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Left, Right & Center @ the Broad Stage, 10/25/09

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Matt Miller, Arianna Huffington, Tony Blankley and Robert Scheer | Photo by Salvador Farfan |

Matt Miller, Arianna Huffington, Tony Blankley and Robert Scheer | Photo by Salvador Farfan |
Los Angeles is a metropolis, a diversified city of 3.6 million with interests as varied as the neighborhoods that comprise its vast mosaic. Yet, one of the most persistent knocks against this town is its lack of interest in news and politics. Television news, what with its raging hard on for weather-related pieces and sex scandals, gives some life to those pernicious slanders. Print journalism's slow death also does nothing to dispel what may be a lack of interest in the news and the second largest media market in the nation now has one full time AM news station. Thankfully, for you news junkies out there, we have public radio and its weekly news show Left, Right & Center.

LRC, aired on 89.9 KCRW, is a roundtable discussion on the day's most pressing issues with pundits from, as the name implies, three political viewpoints.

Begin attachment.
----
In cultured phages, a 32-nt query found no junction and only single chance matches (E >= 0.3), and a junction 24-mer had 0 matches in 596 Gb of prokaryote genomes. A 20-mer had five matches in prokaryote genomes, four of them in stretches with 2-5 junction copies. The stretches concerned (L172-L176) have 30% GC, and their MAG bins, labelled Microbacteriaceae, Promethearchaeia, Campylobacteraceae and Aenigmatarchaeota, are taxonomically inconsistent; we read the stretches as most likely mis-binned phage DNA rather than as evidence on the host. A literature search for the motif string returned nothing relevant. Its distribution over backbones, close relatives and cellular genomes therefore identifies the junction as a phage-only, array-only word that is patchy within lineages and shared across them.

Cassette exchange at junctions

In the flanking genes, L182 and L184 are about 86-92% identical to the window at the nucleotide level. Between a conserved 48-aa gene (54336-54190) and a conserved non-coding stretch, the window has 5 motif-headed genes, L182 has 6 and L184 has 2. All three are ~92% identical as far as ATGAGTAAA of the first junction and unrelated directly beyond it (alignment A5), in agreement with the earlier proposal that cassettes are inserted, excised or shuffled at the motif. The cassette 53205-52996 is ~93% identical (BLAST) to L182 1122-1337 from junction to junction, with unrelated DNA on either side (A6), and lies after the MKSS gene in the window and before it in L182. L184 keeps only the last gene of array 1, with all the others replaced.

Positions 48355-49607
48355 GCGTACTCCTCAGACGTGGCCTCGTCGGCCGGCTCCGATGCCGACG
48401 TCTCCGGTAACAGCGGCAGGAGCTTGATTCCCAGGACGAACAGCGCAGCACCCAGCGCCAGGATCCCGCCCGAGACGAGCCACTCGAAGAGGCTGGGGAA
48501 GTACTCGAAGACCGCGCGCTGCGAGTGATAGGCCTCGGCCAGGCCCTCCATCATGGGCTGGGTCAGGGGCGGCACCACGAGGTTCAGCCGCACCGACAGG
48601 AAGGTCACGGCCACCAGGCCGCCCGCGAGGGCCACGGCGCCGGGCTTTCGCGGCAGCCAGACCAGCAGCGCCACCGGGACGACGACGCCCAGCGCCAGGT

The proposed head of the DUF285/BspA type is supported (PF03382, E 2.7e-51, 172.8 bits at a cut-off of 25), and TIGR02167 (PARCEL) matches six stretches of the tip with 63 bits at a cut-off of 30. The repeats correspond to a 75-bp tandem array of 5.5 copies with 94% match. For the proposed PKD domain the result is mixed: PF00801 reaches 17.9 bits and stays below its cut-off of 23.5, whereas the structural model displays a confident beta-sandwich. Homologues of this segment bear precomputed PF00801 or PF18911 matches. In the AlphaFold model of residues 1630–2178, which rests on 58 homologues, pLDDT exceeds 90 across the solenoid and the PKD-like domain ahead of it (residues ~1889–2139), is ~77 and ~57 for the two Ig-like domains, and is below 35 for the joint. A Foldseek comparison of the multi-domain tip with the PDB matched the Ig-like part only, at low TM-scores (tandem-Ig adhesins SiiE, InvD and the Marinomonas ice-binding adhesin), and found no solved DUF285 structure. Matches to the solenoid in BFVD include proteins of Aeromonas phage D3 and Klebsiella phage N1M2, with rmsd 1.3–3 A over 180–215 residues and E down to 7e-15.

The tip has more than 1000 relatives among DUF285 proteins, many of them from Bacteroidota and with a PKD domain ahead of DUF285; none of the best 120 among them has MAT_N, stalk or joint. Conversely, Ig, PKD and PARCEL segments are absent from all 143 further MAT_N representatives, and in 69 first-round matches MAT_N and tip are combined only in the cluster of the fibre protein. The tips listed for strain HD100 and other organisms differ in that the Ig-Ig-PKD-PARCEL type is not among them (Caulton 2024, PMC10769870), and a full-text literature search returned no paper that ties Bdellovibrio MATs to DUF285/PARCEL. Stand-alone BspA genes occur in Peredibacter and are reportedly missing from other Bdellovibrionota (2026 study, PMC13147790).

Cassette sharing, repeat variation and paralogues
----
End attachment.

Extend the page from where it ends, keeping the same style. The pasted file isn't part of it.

Listeners are treated to a relatively calm, adult-like conversation about the issues with four politicos whose grasp of the most topical issues are wonderful grist for the news junkies mill. Sunday's live broadcast, from the The Broad Stage in Santa Monica, was no different, but did provide a rare glimpse into the world of LRC.

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When listening to the show on air, hearing as each pundit lists a litany of supporting statistics, figures and historical quotes, it can be easy to dismiss their individual genius. Anyone can have stacks of paper in front of them to make them sound smart. In person, however, there is no denying the immensely prepared brilliance of the squad: Liberals Robert Scheer and Arianna Huffington, centrist Matt Miller and conservative Tony Blankley.

Sunday's conversation, in front of a sold out crowd KCRW said numbered 500, included debates on the economy, health care, troop levels in Afghanistan and the White House's continued efforts to shape the debate on their key issues nationwide.


Arianna Huffington | Photo by Salvador Farfan |